I cover graduations - lots of them - for our local newspaper. It keeps the staff writers from having to spend their time on them, and it fills up my BlogHer fund, so it is a win-win.
My modus operandi is simple. I find the grads, talk to them as they wait to march, speak to instructors or the principal, then go out and talk to parents and family members. Get a quote or two from a speech and bang, I'm in and out in less than an hour.
The other night I was interviewing friends and family and started talking to a 20-year-old guy who was there to see his girlfriend graduate. It only took me about 30 seconds to realize I was talking to the wrong person.
First of all, he would only talk about himself. Any question I asked got turned around to be about him. Sometimes he would completely ignore the fact that I had asked about his girlfriend and answer as if I was wondering what HIS plans for the future were.
Second, I started to notice that he had that fumey smell of someone who is a serious alcoholic. Not an "I just had a drink at 5 p.m." smell but the smell of massive amounts of alcohol wafting up from his pores.
I wanted to run up on stage and grab his girlfriend by the shoulders and tell her to get out. To run while she still could, before the unplanned baby, the wrecked cars, the lies, the getting kicked out of another apartment, the crappy jobs, the fights, the bail bondsman.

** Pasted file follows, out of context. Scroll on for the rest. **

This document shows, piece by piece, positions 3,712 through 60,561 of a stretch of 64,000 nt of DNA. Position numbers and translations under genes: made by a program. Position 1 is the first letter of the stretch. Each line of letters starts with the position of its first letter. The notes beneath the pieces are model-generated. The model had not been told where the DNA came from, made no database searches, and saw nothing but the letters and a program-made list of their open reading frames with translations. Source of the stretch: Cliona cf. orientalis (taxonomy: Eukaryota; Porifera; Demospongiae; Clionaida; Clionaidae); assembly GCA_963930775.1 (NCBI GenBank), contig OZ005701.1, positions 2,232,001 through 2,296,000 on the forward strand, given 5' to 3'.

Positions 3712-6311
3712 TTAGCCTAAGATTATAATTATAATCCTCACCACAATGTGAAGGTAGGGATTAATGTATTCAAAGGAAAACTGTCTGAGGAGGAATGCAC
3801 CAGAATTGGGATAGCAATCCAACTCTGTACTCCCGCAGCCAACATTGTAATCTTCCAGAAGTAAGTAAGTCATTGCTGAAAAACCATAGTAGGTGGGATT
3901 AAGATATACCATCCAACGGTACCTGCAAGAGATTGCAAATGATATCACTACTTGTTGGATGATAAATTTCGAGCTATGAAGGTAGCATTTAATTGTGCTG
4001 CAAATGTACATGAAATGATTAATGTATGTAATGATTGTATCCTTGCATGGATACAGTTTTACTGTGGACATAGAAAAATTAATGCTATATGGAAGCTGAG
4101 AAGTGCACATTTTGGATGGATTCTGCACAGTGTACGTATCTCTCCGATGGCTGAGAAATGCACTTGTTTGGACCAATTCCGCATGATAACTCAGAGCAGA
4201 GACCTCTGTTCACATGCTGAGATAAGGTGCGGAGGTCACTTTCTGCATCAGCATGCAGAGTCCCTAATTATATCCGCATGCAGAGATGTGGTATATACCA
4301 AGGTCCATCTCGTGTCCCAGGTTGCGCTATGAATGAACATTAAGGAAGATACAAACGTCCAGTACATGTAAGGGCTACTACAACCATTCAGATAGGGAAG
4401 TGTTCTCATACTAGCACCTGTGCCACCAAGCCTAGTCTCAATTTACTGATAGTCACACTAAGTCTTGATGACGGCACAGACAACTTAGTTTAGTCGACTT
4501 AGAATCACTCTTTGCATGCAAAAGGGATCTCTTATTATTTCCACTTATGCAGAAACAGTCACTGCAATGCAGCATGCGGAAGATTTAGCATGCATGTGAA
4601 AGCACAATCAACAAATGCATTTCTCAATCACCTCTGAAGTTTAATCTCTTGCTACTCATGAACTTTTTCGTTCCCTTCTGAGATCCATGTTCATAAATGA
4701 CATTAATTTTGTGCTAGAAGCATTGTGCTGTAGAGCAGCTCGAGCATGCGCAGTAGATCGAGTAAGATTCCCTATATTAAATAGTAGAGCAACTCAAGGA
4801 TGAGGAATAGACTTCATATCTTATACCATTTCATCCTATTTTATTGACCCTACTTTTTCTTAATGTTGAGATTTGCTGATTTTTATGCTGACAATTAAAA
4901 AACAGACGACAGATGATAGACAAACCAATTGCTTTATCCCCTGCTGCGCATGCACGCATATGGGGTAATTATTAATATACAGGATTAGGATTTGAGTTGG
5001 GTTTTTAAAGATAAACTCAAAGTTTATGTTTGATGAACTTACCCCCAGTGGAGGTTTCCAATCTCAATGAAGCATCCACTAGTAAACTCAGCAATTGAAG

But I was only there to cover the graduation, so I listened politely as long as I could stand, thanked the man, and then moved on.
My alma mater is a large school, over 2000 students, and a bit of a pain to cover, but I always go back to cover "my" graduation. I found a great family to talk to, huge, with grandmas and grandpas and kids, all overseen by the loveliest woman.
She was the mother of the grad and just had this amazing powerful glow about her. She was herding this big family around with a kind of graceful joy. Even in the face of finding seating for all these people with their wheelchairs and walkers, she seemed like she still could focus on the happiness of the occasion.
She got pulled away from me in the crowd before I was done talking to her, but I wanted to get her name. She told me and I gaped a bit. I knew who she was.
"Are you a rabbi?" I asked.
She said "Why yes! How did you know?"
I had interviewed her father-in-law five years before about an outdoor science program he founded for school children.
He spoke so lovingly about his daughter-in-law that I never forgot what he said. He felt like she was such a great gift in his life that he refused to call her "daughter-in-law" but always said "daughter-in-love."
That woman was the same woman at the graduation. In fact, the father-in-law was one of the family members she was shepherding around - I just didn't recognize him.
I had really thought about that conversation dozens of times. I didn't remember the man's name, or much else about that article, but I remembered the love that was in his voice. That is what endured, and what endures above all.